Gun Manufacturer Under Scrutiny After Texas School Shooting

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Gun Manufacturer Under Scrutiny After Texas School Shooting
A now removed image was tweeted by the company, days before the school shooting, showing a toddler handling one of its' AR-15 style rifles.

Following the mass shooting in Uvalde, Texas, a staff member at Robb Elementary school petitioned a Texas judge to force gunmakers to sit for a deposition, and to produce materials related to marketing, sales and profits of AR-15-style rifles.

Georgia-based Daniel Defense made the AR-15-style rifle a gunman purchased legally and used to kill 21 people in Uvalde, Texas. The manufacturer is now under fire for the way they allegedly market firearms to teens and youth with images of pop-culture icons and video games. 

A now removed image was tweeted by the company days before the shooting at Robb Elementary School, showing a toddler handling one of its' AR-15 style rifles. 

"For years now there's been an organized campaign involving the NRA, the firearms industry and the industry's trade association targeting children," said Josh Sugarmann, Executive Director of the gun-control group Violence Policy Center. 

Sugarmann says the gun industry needs to be held accountable for the way it markets guns, especially military grade weapons. 

"It can range from child-sized rifles, creating rifles in specific colors to appeal to children. And the fact is that the industry thinks this is cute—they think it's a marketing tool," said Sugarmann.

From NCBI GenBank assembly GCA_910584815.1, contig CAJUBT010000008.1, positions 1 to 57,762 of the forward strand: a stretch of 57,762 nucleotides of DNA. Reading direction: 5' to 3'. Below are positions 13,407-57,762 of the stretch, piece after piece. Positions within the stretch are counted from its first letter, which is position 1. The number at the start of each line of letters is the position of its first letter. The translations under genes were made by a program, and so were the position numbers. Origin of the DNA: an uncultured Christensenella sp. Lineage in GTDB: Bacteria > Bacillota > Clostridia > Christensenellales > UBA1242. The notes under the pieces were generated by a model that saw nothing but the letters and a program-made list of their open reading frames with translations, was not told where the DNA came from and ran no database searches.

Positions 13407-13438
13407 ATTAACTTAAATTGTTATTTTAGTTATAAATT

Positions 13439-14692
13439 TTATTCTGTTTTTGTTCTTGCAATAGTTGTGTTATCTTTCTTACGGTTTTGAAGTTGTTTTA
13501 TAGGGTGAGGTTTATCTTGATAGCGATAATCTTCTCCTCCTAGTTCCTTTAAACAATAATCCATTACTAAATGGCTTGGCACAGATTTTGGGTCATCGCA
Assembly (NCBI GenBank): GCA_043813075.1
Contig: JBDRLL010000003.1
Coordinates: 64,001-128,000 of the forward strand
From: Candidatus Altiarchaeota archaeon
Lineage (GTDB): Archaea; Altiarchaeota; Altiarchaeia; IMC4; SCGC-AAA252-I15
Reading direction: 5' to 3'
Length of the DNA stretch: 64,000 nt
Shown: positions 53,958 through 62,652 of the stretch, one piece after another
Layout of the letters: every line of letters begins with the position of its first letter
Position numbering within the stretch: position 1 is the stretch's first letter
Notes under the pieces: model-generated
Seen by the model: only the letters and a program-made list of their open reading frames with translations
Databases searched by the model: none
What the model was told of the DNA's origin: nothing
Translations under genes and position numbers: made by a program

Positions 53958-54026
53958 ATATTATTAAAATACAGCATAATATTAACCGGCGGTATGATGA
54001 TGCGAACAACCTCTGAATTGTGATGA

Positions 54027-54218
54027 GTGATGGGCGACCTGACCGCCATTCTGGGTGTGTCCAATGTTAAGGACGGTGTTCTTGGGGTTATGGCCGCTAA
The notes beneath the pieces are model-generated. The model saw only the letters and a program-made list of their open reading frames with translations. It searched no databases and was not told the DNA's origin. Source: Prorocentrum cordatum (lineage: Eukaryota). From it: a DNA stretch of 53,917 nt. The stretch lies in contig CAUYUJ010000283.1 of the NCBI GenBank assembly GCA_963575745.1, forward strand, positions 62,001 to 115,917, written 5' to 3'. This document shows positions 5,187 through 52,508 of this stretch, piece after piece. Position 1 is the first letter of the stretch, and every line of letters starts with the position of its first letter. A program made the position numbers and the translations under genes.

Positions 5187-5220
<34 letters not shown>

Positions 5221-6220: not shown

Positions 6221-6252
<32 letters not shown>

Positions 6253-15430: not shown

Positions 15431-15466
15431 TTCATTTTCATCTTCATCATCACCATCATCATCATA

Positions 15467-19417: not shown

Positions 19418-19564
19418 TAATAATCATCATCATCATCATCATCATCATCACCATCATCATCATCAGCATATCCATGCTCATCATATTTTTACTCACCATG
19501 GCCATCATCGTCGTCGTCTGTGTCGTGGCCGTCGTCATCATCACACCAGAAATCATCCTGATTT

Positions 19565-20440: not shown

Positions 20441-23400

In 2014, the National Football League refused a Daniel Defense ad for the Super Bowl because it promoted guns. 

Following the shooting in Uvalde, the gunmaker's website says, (in part):

"We are deeply saddened by the tragic events. We will cooperate with all federal, state, and local law enforcement authorities in their investigations." 

A pledge that may soon be tested. Congress is asking Daniel Defense's CEO, Marty Daniel, for details about how he operates, noting "aggressive marketing of assault weapons to the public." However, the gunmaker maintains that its products are marketed toward self-defense, shooting sports and freedom. 

"They're the only industry in this country that has that kind of immunity," said President Joe Biden.  

In the days following the Uvalde attack, President Biden claimed the gun industry is the only industry immune to lawsuits, which critics argue is false. 

In 2019, the Supreme Court allowed a lawsuit brought by 9 Sandy Hook victims' families against gun manufacturer, Remington Arms. Remington manufactured the gun used in the 2012 massacre at Sandy Hook Elementary School in Newtown, Connecticut, the plaintiffs sought to hold the company partially responsible, blaming its marketing practices.

In that case, the families settled with Remington for $73 million.

Now, Connecticut lawmakers, who successfully sued Remington, just filed a letter seeking documents and records from Daniel Defense. This petition was filed on behalf of Alfred Garza, the father of 10-year-old  Amerie Jo Garza who was killed in the Uvalde school shooting. Garza says is now his life's mission, and his purpose, to honor his daughter's memory by making sure something like this never happens.